I’m still full speed ahead with re-scanning my negatives, and I’m not even halfway yet. But luckily I still think it’s a blast…. for now at least.

But all this re-scanning, got me thinking.

How do I know that the scanner is completely sharp?
It’s just because some of the photo’s – especially the 35mm – are still not quiet in focus, I think. How do I know if it’s just me that missed the sweet spot in the field or if it’s the scanner missing it now?

Well on some of the scans I can se a bit of the text on the edge of the film and that look’s sharp, So the conclusion must be that the image should be as sharp as it can be, because the image and the text is at the exact same distance from the scanner head.
Then on some the dust – if there is any šŸ˜‰ – is sharp, then I guess that the image should be sharp as well.Ā but here I’m not so sure because the dust is either further away or closer to – depending on which side of the negative it is – the scanner head, I know it’s not much, but I don’t know the depth of field of a scanner. I tried googling it, but didn’t find a final answer. I found out that some scanner’s have a DOF of around 2mm
But at the end my personal conclusion is that if the dust is sharp so is the image.

I did all my scans so far with my Epson V500 – both the 120 and the 35mm. But the circumstances is that I had to move my computer, scanner and all my other photography stuff from the studio where I normally sit, to a temporary setup at home.
Which means I now have my beloved Epson v700 scanner at home, and of course I much rather scan the negs on that then on the v500.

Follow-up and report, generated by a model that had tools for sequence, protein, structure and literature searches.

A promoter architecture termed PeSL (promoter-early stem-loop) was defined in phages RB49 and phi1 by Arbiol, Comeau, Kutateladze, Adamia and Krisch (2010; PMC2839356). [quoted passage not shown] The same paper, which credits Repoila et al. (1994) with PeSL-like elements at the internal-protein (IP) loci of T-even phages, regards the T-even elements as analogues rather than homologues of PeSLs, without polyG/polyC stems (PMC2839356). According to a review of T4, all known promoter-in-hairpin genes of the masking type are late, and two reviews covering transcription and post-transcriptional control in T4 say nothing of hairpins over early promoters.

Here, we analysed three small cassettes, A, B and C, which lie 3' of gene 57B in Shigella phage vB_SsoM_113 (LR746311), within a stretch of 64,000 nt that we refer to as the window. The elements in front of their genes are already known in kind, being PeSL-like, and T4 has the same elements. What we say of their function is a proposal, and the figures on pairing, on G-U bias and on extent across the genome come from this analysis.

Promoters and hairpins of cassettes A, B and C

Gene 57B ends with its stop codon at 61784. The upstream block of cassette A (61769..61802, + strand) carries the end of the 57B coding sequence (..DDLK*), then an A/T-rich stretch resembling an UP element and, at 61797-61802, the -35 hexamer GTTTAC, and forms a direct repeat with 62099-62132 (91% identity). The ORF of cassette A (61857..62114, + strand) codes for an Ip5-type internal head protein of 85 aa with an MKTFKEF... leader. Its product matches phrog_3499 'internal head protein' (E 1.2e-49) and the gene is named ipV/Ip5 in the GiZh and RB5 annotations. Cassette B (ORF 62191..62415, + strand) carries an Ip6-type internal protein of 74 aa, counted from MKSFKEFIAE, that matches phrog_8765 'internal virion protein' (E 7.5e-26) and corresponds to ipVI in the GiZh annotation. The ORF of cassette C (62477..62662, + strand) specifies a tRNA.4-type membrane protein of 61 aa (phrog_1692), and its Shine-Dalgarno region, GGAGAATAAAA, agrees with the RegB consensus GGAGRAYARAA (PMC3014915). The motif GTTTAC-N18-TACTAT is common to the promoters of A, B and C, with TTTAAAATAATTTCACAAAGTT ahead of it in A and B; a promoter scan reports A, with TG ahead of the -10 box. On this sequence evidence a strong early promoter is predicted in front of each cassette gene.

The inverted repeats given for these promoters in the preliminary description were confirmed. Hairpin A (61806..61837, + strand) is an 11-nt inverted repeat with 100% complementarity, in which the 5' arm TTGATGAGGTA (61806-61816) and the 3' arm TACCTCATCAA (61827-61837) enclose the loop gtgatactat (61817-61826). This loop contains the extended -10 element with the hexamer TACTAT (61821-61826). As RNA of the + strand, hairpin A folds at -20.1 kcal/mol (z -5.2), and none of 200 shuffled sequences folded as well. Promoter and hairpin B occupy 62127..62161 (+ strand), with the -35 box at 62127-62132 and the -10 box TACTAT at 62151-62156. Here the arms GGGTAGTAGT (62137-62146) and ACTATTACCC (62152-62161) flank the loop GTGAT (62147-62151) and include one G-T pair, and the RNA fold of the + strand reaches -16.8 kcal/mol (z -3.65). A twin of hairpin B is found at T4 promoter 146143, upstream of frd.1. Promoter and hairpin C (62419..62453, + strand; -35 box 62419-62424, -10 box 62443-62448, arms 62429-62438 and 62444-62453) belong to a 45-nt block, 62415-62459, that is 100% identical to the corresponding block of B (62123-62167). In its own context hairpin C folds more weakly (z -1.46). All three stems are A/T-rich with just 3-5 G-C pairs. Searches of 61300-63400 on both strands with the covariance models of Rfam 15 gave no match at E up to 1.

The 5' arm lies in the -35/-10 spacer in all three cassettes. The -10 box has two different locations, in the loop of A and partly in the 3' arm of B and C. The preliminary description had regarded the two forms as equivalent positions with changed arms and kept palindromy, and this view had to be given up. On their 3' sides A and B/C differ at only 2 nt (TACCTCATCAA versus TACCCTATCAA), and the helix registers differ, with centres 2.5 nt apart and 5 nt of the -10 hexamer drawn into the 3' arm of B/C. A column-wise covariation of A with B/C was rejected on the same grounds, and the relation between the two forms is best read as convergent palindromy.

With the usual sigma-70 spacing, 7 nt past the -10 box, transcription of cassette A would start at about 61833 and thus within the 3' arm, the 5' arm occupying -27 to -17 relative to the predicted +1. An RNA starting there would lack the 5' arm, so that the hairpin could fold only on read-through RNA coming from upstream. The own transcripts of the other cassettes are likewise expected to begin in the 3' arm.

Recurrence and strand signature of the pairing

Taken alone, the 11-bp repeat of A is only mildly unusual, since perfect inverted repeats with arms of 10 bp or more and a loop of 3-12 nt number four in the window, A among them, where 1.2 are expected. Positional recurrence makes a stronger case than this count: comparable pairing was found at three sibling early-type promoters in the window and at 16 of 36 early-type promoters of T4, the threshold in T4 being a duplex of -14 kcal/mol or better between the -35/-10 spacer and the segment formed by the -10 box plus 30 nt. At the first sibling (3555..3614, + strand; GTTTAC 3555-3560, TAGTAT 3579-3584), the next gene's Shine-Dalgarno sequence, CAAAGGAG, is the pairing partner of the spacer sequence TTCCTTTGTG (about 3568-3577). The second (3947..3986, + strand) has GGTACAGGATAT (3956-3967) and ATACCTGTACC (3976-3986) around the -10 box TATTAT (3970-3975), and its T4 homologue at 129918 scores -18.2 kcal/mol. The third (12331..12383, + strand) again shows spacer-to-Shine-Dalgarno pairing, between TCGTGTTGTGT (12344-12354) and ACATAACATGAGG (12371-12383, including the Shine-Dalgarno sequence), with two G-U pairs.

And that gave me my sharpness answer. As it turns out the scans wasn’t completely sharp on the v500, that I can see now that I made a test scan on the v700, because here they are sharp.

My second question was, how do you know that the scan you see is a trueĀ representationĀ – color and contrast wise – of the negative?
Again the v700 got me the answers. I use Vuescan, and when I switch between the preview thumbnails on the v500, the color and light/contrast changed almost all the time, even though I’ve chosen “none” in the color settings. which I found kind of odd.
Then when I switched to the v700, there was no problem at all, the I switch between the preview thumbnails.
How do I know if they are correct? Well I guess I don’t know for sure, guess I just got to trust the software/scanner šŸ™‚
I did a little comparison on the slide film, and I think the scan on my computer vs. the positive/slide film in my hand, looked a lot a like.

Here are three 100% cropped images of thesame photo.
(scanned with different scanners and software combinations)

Epson V700 with Epson scanner software. (image by 35one20 under CC BY-NC-ND 4.0)

Epson V500 with Vuescan software. (image by 35one20 under CC BY-NC-ND 4.0)

 

 

Epson V700 with Vuescan software. (image by 35one20 under CC BY-NC-ND 4.0)

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